Alpine running in Chamonix

Alpine running is a name given to moving fast in a mountain environment. It’s a blend of climbing, running and skiing: whichever is applicable to the terrain. It’s normally done “fast and light”, taking minimal equipment, to aid the speediness.

Given that I like climbing, skiing and running but will never be able to invest the time to become a really skilled Alpinist on technical accents, I think I’ve found a niche! I’m going to tell my friends that I’ve become an alpine runner. They will tell me that I’m doing “not-trail, not-running”, and that I’m going “not particularly fast and not particularly light “. I’ll say I’m still learning.

Running Skiing

Monte Rosa skiing – Orestes Hutte

This time last year I discovered two things:

(1) skiing with type 1 diabetes is not only possible, but I have been able to push my own personal limits in exactly the same way as I did before the diagnosis.

(2) the Monte Rosa ski area, and the best hospitality EVER at the Orestes Hütte.

After starting 2014 there, we had to finish 2014 there too. The snow wasn’t as good as last year, but we still had loads of fun exploring the area on skins, found some fun couloirs and had an amazing last day. Every skier should visit the area and the hut. 


Does training help the body burn fuel more efficiently?

An important part of getting fitter, and improving both speed and endurance is training the body to burn fat at higher levels of intensity. This is really important for athletes who do the things I like doing – running (because they can go faster and further) and mountaineering (because mountaineers don’t have very good access to food to top up their limited carbohydrate stores).

One of the advantages of having diabetes is that I can observe how much carbohydrate I need to eat to keep my blood sugar stable. Does this mean that I have an insight into how well my body is adapting to burning fat? Can this help anyone else?

Data Training

Mont Blanc via the NW ridge of Mont Maudit

“And while we’re there, it would be rude not to climb Mont Blanc!”  

Sat in the Cosmiques refuge, Oli, Nico and I were wondering what to climb the following day. We had settled on climbing Tour Ronde – a popular peak on the Italian side of the Mont Blanc Massif – although none of us were that excited about the 2.5 hour approach walk across the heavily glaciated Vallee Blanche. I had stumbled on a mixed snow and rock climb up the North West ridge of Mont Maudit, which stands at about 4450m and is just below Mont Blanc. The best thing about it was that the “approach” to the climb involved scaling Mont Blanc du Tacul – a peak of over 4000m in its own right. Nico and I had been forced to turn back 50m below its summit two days before in favour of a sprint, slide and rush back to catch the last lift. So we had unfinished business there.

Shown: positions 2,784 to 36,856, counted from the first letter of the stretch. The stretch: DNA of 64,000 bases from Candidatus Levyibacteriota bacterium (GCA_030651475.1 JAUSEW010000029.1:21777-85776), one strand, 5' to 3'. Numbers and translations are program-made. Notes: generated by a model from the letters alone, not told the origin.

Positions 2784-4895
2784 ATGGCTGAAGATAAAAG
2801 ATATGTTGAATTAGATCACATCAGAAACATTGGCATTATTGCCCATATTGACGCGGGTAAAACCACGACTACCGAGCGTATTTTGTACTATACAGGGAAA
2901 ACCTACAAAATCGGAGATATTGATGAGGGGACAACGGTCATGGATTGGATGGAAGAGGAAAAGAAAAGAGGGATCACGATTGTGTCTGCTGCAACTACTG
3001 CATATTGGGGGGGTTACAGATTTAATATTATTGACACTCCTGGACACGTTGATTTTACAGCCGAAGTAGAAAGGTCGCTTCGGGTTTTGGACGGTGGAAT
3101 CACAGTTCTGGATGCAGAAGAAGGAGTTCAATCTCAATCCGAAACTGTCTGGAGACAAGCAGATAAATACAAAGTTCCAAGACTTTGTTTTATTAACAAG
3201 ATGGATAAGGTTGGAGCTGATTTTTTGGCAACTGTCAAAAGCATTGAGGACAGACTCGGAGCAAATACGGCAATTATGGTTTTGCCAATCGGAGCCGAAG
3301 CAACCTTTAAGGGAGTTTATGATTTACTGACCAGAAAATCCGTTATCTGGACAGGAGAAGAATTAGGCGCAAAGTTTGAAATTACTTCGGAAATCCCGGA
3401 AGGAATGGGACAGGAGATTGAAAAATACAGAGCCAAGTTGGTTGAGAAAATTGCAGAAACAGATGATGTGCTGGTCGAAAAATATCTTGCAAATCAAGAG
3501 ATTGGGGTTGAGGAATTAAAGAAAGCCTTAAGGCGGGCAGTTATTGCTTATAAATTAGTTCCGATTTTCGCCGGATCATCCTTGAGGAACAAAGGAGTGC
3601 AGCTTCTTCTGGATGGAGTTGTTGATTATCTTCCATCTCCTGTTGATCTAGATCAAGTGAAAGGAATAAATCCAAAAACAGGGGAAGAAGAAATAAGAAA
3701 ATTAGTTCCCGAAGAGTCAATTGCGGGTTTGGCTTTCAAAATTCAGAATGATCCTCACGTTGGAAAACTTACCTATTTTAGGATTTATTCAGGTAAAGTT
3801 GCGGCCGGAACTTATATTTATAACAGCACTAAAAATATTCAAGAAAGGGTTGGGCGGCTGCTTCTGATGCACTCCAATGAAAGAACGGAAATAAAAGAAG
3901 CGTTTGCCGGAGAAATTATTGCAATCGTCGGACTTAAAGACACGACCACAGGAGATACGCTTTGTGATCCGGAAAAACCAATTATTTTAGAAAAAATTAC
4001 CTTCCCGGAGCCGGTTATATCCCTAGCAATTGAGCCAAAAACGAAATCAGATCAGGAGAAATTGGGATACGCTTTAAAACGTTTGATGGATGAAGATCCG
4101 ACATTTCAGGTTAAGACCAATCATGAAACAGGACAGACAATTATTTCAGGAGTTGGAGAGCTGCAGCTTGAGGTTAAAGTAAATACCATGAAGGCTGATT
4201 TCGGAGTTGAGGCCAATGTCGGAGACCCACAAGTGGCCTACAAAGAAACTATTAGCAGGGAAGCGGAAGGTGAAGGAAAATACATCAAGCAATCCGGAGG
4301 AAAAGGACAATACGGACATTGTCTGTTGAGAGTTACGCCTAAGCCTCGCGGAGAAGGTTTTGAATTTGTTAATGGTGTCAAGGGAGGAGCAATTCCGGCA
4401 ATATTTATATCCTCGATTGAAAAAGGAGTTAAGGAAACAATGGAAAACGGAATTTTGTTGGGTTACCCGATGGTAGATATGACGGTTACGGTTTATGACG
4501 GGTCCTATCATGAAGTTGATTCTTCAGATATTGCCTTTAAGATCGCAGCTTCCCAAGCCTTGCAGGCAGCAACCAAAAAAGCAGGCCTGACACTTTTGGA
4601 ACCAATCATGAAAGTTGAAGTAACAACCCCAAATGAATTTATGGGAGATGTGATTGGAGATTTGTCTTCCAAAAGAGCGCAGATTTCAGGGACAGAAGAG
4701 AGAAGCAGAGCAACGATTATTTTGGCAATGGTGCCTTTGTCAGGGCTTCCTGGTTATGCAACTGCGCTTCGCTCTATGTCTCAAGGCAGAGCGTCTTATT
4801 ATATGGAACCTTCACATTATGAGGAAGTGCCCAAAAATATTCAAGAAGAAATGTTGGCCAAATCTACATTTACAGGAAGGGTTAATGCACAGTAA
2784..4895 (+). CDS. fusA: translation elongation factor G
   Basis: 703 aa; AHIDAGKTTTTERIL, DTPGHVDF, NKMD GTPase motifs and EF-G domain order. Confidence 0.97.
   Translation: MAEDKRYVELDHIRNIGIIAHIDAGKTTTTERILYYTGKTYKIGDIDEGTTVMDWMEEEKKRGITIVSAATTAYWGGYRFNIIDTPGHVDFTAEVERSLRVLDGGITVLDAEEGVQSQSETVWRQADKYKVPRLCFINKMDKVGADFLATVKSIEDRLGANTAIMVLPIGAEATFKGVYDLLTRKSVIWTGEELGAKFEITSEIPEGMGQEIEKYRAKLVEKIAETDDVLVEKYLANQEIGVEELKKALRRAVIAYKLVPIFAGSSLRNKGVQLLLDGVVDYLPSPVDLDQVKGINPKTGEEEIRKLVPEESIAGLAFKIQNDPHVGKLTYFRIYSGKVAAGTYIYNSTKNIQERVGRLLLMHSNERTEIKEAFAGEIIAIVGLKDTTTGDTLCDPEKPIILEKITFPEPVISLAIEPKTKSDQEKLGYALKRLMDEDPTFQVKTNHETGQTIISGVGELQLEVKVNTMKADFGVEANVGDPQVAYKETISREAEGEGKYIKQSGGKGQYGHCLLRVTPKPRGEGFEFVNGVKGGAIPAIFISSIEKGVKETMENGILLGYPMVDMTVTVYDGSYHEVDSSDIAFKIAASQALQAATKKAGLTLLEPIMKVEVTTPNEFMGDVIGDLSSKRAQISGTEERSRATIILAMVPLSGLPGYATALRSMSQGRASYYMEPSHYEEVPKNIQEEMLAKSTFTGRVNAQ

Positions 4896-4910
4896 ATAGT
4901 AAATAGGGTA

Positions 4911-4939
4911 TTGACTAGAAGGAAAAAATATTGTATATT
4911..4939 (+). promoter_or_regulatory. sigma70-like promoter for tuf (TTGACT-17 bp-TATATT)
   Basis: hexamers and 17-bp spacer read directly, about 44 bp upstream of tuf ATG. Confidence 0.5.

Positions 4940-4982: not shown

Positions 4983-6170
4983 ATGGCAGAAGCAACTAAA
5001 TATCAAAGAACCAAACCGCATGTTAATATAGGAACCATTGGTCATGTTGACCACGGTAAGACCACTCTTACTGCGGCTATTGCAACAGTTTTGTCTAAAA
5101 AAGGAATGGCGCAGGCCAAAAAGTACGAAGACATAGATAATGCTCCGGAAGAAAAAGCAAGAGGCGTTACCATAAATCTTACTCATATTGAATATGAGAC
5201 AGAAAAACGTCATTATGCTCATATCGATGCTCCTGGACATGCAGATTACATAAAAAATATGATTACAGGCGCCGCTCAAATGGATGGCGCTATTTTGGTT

In one voice, we exclaimed “let’s do that!” And of course we all knew that after attaining the summit of Maudit, all we had to do to reach the roof of Europe was walk – no climbing involved – another 500m higher. We would then continue on to the Goutier hut and therefore complete the traverse of Mont Blanc. Simples! We changed our breakfast time from 5am to 3am and immediately went to bed, we were so excited.


Can diabetes make you happy?

Which line to ski? We ended up doing one of the smaller ones! (Red Arrow)

Which line to ski? We ended up doing one of the smaller ones! (Red Arrow)

When I was diagnosed in august last year my first concern was could I go skiing again?! After exercising daily, testing my blood obsessively and plenty of trial (and some error) I’m pleased to report that diabetes has had very little impact on my ski season. The weather and snow conditions have made it frustrating at times but I’ve still managed to have some awesome experiences.

My final ski of the season was the Gigord couloir in chamonix, last week. Skiing this kind of thing is a great transferable skill for managing diabetes. I need to carry the right kit (just like a diabetic), manage risk (just like balancing the risks of low blood sugar with the long run costs of high blood sugar), and solve problems with a clear head.


Diabetes and being ill don’t mix

Gratuitous shot of Mont Blanc. What an amazing view to have whilst marching 850m up a hill.

Gratuitous shot of Mont Blanc. What an amazing view to have whilst marching 850m up a hill.

I’ve just come out of a two week long cold. Despite evidence to the contrary (I got diabetes six months ago), I think of myself as someone who never gets ill. So getting a cold and feeling low on energy and not wanting to run was a real blow. Not least because my fund raising page reminds me that I only have 54 days left to the Marathon. Given that I want to run it in a very challenging time, two weeks of almost no quality training is a real blow. I’m still waiting for comments on whether I should run the marathon in a Onesie by the way. So far two people have commented, and that’s not quite enough to encourage me to do it!

Data Skiing